As an umbrella corporate name, Smith & Wesson (SWHC) has landed squarely in the crosshairs of change.
The 164-year-old company wants to drop its iconic moniker, formed from the last names of co-founders Horace Smith and Daniel B. Wesson. The new name: the much more generic-sounding American Outdoor Brands Corp. The reason, Smith & Wesson said, is to reflect that the holding company sells more than guns.
Smith & Wesson stressed in a Facebook post that the change won’t alter the firearms brand, only the larger corporate structure that holds nonweapon businesses such as outdoor products and flashlights.
The decision to change its name came on the eve of the heated U.S. presidential election, with Democrat Hillary Clinton calling for “commonsense reforms to keep guns away from terrorists, domestic abusers, and other violent criminals.” Republican Donald Trump has pointed to his “unwavering support of the Second Amendment right to keep and bear arms.”
“We believe the name ‘American Outdoor Brands Corporation’ will better reflect our family of brands, our broad range of product offerings and our plan to continue building upon our portfolio of strong American brands,” CEO James Debney said in a statement. “Looking forward, we intend to aggressively grow organically and through strategic acquisitions, focusing on brands and products that best meet the needs and lifestyle of our target consumers.”
Some customers weren’t happy about the company’s decision to pull the trigger on a new name. A few questioned its timing in making the announcement on Monday, the day before voters headed to the polls.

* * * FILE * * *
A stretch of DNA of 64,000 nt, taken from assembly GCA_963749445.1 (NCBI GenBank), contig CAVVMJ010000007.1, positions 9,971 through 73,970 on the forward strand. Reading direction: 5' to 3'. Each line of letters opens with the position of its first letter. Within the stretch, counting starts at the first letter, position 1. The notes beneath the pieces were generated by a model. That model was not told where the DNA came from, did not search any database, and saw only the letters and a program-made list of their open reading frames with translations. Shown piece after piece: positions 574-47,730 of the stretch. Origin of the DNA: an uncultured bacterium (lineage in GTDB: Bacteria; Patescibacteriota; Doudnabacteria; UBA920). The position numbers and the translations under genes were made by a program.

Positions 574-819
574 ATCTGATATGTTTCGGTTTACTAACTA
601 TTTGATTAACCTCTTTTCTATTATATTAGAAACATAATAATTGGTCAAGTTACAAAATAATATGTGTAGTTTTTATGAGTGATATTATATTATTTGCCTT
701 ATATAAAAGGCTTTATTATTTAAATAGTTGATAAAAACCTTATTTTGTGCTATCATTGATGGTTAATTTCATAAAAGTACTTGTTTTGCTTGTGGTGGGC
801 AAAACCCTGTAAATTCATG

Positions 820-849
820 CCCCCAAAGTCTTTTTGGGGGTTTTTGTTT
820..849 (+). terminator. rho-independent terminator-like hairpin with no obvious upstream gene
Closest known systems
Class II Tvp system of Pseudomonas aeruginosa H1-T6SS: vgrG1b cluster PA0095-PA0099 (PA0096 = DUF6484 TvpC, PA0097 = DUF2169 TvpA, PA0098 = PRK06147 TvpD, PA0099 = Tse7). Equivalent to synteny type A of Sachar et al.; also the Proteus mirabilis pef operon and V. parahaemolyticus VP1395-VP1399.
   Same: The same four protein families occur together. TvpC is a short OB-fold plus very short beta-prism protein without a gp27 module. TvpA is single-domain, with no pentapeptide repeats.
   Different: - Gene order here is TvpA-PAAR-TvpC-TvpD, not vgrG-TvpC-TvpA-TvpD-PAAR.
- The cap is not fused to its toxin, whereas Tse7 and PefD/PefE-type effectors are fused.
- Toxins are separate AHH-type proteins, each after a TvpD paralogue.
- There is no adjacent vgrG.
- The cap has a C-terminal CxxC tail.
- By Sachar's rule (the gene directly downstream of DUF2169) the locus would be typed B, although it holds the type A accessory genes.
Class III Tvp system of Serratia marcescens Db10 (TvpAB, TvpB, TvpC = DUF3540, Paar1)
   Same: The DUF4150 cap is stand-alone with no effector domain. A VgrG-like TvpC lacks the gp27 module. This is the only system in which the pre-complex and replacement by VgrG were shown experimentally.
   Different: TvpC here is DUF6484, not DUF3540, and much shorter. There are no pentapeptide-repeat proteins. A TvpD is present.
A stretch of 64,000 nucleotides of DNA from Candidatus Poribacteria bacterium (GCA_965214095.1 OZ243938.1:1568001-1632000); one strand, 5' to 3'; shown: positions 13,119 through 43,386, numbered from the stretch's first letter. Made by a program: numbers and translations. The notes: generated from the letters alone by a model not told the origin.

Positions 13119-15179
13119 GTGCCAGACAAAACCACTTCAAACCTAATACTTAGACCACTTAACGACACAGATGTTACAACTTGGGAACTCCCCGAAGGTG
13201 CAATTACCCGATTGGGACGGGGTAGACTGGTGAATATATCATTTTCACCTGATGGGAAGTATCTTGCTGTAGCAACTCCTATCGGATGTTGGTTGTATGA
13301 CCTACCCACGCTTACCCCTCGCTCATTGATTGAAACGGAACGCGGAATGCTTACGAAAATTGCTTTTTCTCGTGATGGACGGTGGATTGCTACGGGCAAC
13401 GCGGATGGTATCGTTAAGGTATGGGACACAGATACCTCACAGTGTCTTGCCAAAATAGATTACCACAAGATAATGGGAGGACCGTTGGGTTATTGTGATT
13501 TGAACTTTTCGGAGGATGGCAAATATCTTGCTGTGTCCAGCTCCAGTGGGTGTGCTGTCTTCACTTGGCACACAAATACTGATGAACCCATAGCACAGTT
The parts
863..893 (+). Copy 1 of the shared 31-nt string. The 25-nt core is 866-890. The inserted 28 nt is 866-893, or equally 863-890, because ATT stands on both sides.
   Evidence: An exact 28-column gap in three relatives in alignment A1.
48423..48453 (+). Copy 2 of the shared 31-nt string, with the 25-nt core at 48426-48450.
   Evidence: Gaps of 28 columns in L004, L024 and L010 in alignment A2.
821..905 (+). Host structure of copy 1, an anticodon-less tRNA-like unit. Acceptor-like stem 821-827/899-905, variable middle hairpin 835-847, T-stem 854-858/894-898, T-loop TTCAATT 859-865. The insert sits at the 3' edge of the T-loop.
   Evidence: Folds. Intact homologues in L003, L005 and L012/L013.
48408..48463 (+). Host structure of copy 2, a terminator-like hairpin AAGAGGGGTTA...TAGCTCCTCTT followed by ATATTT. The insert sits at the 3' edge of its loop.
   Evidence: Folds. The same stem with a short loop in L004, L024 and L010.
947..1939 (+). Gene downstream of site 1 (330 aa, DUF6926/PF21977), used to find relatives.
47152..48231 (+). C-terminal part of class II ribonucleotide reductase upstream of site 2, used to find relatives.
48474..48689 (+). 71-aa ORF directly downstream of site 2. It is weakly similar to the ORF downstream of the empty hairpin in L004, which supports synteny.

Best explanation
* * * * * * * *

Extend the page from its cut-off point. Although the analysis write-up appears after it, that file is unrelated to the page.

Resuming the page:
“The question is why hide the name? Why make this change? What political pressure or postulations prompted such a move? What market forces caused the shift?” one consumer wrote in response to Smith & Wesson’s announcement on Facebook. “This just seems to be a move based on fear, politics and a wild guess.”
Despite such concerns, corporate name changes aren’t uncommon, especially as companies grow and add new lines of business, such as Google’s (GOOG) , which includes the search company, plus YouTube, Android mobile software and other web-based products.
Smith & Wesson’s name change certainly isn’t designed to hide poor performance. The stock has sharply outperformed the S&P 500 index during the past five years, notching a share price increase of 835 percent compared with the index’s 70 percent gain during the same period.
Company shareholders will have their say on the name change at a stockholder meeting on Dec. 13 to vote on it. Smith & Wesson’s board of directors has already approved the new holding company name.
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